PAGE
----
He shook his head, “I… I don’t know. Do you think if I knew that I would be here?”
She folded her hands. “Let me tell you something about America: it does not have as much history as other parts of the world do. People who come here are looking to build something new–without all the baggage of the old world weighing them down.”
“Well, what of it?” said Johnathan. He tried to sound as disinterested as possible, and yet he found himself sitting down to listen to her all the same. “It’s all failed now, anyway.”
She replied crisply: “I believe it’s not about ‘success’ or ‘failure’–those are things that only apply in a contest with a clearly defined end. The beauty of creating something new is that it is a risk. You do not know how it will turn out–but there is courage in trying.”
“That is what really matters, you see,’ she continued. “When anything–a life, a country, anything–begins, there is no guarantee of ‘success’. And yet, if no one were ever willing to run that risk…”
She trailed off, and Johnathan now found himself mesmerized by her speech. He stared at her for a few moments. Her brown eyes had a strange calming effect upon him, and he felt like he was becoming hypnotized as he studied her dark, angular face.
“But what’s the use of any of it now?” he asked, forcing himself back to reality. “There’s nothing new here–it’s old and rotten and falling apart!”
Columbia closed her eyes for a moment and smiled patiently, as though she had expected this from him. She opened her eyes, looked directly into his, and said: “And don’t you think that in the past, others have felt just as frustrated and lost as you do now?”
“Yes,” he admitted, after a pause.
“And what did they do?”
“They… created something new.” he answered quietly.
“That’s right,” she said with a satisfied nod. “They faced their challenges, assessed them, and overcame them through courage and ingenuity. That is America.”
The two of them sat in silence after that. Columbia leaned back in her chair and glanced around the room with an expression of mild interest. Johnathan simply stared at her, the strange feeling of hypnosis growing stronger all the time.
A loud bang from outside jolted him to his feet. For an instant, he thought it was a gunshot, but when he rushed to the window, he saw glittering white sparks in the air and realized it was a firework display.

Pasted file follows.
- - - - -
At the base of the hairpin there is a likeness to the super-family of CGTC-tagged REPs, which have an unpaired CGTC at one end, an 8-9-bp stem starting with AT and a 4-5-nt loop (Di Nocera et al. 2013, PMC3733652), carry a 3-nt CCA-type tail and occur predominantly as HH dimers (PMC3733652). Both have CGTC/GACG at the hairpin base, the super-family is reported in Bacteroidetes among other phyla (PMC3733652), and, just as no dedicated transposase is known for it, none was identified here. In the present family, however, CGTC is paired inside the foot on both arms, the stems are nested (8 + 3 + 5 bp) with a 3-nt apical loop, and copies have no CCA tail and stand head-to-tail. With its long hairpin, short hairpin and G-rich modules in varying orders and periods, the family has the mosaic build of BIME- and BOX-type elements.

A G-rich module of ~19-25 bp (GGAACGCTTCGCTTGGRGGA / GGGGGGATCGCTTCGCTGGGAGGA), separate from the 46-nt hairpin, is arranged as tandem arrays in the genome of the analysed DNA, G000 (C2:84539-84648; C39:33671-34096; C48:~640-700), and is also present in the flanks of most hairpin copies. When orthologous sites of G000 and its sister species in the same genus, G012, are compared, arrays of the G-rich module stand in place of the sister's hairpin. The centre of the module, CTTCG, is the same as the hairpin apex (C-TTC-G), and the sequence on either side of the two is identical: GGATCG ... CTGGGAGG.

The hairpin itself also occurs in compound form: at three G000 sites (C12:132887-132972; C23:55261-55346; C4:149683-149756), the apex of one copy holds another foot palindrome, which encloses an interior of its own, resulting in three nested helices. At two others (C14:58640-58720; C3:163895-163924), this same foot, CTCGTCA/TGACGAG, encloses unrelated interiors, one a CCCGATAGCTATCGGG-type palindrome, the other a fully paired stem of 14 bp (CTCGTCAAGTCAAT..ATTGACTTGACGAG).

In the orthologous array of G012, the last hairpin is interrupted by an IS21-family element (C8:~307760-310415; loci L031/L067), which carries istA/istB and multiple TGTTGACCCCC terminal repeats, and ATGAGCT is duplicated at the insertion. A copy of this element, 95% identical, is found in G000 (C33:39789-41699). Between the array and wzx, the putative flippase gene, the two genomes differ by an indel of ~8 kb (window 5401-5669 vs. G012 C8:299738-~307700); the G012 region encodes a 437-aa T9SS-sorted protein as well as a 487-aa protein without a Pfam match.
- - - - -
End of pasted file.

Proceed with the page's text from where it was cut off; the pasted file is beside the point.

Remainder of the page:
“Look at that,” he said with a smile, as more bright showers of light exploded in the darkness overhead. “Columbia, come and see–”
He turned to beckon her to the window, but she was gone. The chair was empty. Johnathan looked around in confusion. He ran back through the kitchen and out the front door on to the porch, looking around for her as he went.
She was nowhere to be seen. Johnathan stood on the porch in a daze, listening to the crackle of the pyrotechnic display building to its climax.
He looked around and caught sight of the empty metal bracket beside the door. The flag and pole, he realized, were still under his arm. He hurriedly unfurled the flag and restored it to its place.
Before you do anything else, read this Andrew Sullivan column. It’s a few months old, but still incredibly relevant in many ways, and it’s worth your time to read the whole thing. Don’t worry; I’ll wait.
All done? Good.
The part I loved most was this:
“In America, as Charles Murray has shown in his extraordinary book, Coming Apart, the young and the smart and the talented — the people who would once have formed the core of these small towns — have long since fled to distant colleges and cities. They don’t come back. They would once have been the police chief or the town librarian or the school principal. They once helped make the town a well-run place with a clear identity, where the same families and networks lived together, died together, belonged together. These connections have attenuated … as economics supplants culture, as efficiency erases the individuality of inefficient places, as Amazon rips the heart out of shopping districts, as the smartphone removes us from physical space, and as many more immigrants and their culture alter the feel of a place in ways that disorient those with memories and loyalties.”
This is a highly significant point. On a superficial level it’s related to what I wrote about here–the fact that so many of America’s problems stem from the high concentration of young, talented, well-educated people in a few cities.
But there’s also a deeper significance to it–the Oswald Spengler quote I referenced here that “the landscape exercises a secret force upon the extinction of the old [culture] and the appearance of the new one,” applies.
Sorry to reference my own posts, but my point here is that Sullivan has very clearly articulated something I’ve subconsciously thought about but have never been able to express. It’s a fundamental change in the culture of the United States, and it’s something that needs to be understood to ensure a prosperous future for the nation.